Disney has quietly introduced a new disclaimer to some of its films. When you start watching these films, you’ll be treated to an unskippable content warning, informing you that the film will contain “negative depictions” of certain people and cultures. While the films themselves aren’t altered in any way, the disclaimer says the depictions are wrong and expresses the importance of “a more inclusive future together.”
In case you’re curious, here’s what the warning looks like:
The link goes to a page called “Stories Matter,” which lists the members of Disney’s third-party advisory council that is “supporting our efforts to increase our cultural competency,” as Disney puts it. The council includes GLAAD Media Institute, the African American Film Critics Association, and The Science and Entertainment Exchange.
Some of the films that now carry this warning are Dumbo, Peter Pan, The Aristocats, The Swiss Family Robinson, and Aladdin. All of the films have uncomfortable, racist caricatures, which you can read more about on the Stories Matter page. For example, it describes the crows from Dumbo, shown in the featured image, as an “homage to racist minstrel shows, where white performers with blackened faces and tattered clothing imitated and ridiculed enslaved Africans on Southern plantations. The leader of the group in Dumbo is Jim Crow, which shares the name of laws that enforced racial segregation in the Southern United States.”
If this sounds familiar, it’s because it’s not the first time Disney has added such warnings to its content before. Last year, it added a disclaimer simply stating that certain films contained “outdated cultural depictions,” which many pointed out was an almost flippant way to address the content. Now the disclaimer has been updated with stronger language, adding that the depictions “were wrong then and are wrong now.”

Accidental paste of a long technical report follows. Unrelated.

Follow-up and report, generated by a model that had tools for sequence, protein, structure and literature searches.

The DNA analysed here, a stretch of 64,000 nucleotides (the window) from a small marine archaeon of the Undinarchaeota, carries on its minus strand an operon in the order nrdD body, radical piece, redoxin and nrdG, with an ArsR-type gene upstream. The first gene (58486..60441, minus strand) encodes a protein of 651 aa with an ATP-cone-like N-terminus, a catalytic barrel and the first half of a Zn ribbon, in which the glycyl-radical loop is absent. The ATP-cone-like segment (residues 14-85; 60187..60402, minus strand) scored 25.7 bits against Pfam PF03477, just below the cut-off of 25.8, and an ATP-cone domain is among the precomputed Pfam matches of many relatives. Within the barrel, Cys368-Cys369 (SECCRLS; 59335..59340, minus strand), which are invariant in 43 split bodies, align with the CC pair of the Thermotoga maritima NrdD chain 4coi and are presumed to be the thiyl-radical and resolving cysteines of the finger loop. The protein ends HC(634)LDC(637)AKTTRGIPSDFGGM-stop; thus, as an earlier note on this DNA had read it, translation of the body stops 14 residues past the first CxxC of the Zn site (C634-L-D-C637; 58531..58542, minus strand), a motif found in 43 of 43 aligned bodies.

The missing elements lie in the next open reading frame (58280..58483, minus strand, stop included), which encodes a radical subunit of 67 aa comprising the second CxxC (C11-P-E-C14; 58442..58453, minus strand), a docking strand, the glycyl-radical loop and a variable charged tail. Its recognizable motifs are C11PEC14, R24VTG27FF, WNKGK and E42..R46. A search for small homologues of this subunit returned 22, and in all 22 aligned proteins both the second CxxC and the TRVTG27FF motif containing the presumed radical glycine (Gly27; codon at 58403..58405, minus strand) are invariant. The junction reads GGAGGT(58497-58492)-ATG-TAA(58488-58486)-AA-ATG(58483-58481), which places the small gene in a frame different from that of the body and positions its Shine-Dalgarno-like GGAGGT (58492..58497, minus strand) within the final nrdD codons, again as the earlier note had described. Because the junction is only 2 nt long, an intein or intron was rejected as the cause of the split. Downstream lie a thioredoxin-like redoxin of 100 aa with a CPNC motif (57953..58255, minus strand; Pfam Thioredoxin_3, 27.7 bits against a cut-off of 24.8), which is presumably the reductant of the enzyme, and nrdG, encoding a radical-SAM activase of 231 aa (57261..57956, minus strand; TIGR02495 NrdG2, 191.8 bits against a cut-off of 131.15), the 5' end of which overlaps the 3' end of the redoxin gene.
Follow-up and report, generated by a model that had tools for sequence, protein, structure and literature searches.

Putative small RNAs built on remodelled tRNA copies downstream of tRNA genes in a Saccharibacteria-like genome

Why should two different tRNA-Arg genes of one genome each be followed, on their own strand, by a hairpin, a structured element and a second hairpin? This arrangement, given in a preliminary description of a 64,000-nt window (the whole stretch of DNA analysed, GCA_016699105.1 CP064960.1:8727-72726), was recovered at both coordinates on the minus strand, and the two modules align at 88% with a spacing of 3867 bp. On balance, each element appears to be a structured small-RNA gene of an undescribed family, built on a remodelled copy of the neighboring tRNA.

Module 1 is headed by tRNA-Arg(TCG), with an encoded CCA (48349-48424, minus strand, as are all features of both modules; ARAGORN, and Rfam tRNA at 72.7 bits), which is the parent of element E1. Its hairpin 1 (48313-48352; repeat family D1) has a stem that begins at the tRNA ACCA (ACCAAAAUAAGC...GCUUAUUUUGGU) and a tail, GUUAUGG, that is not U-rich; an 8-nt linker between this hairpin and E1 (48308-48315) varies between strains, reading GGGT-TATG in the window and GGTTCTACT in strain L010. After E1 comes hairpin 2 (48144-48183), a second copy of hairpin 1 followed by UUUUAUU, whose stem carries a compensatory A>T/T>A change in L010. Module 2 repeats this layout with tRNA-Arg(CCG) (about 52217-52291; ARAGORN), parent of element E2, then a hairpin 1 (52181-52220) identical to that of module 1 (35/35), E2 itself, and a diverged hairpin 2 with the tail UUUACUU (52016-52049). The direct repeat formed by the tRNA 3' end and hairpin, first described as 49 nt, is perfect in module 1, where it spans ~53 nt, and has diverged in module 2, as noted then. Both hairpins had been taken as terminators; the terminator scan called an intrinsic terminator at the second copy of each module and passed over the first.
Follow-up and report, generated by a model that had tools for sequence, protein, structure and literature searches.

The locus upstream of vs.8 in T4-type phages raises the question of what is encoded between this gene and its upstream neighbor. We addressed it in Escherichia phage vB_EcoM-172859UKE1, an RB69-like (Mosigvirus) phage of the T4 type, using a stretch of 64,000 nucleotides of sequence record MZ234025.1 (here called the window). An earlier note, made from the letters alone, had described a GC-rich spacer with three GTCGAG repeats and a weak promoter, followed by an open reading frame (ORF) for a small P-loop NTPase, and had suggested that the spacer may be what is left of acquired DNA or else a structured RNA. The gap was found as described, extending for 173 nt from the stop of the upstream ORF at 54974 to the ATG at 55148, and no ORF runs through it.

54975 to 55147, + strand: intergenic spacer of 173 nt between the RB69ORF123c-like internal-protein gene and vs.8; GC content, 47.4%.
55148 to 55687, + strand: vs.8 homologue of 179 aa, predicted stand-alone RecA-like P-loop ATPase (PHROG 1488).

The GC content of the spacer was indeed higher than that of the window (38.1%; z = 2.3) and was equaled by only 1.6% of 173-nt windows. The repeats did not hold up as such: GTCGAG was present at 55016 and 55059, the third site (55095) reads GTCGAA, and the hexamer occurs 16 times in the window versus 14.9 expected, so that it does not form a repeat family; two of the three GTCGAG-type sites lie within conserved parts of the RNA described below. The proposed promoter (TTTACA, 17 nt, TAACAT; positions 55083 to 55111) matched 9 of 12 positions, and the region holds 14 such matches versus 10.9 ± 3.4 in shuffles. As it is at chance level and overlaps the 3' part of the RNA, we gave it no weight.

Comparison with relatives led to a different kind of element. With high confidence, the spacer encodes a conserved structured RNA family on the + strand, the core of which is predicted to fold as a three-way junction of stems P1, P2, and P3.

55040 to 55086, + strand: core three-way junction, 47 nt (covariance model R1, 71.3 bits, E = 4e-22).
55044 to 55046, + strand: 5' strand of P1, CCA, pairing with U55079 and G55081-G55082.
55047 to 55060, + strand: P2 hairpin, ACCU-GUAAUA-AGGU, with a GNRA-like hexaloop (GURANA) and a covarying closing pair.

That language is not new: in fact, it’s identical to that which Warner Bros has been using for years to discuss racism in its old cartoons. See, for example, this explanation, provided by Whoopi Goldberg, about the role of Black maid Mammy Two-Shoes in Tom & Jerry. Notice she says, “These prejudices were wrong then and they’re certainly wrong today.”
It begs the question: how likely is it that kids watching these things will stop and read the disclaimer, even if they do have 12 seconds to do so? I think, on some level, Disney is aware that this isn’t going to change much. It’s why the company still hasn’t released Song of the South on the platform (as it shouldn’t) — there’s no collection of words on the planet that would make this infamous film okay to put out on Disney+. Disney’s still trying to scrub that film from its parks, planning to remake its Splash Mountain ride, which contains depictions of some of the Song of the South characters, with those from The Princess and the Frog instead.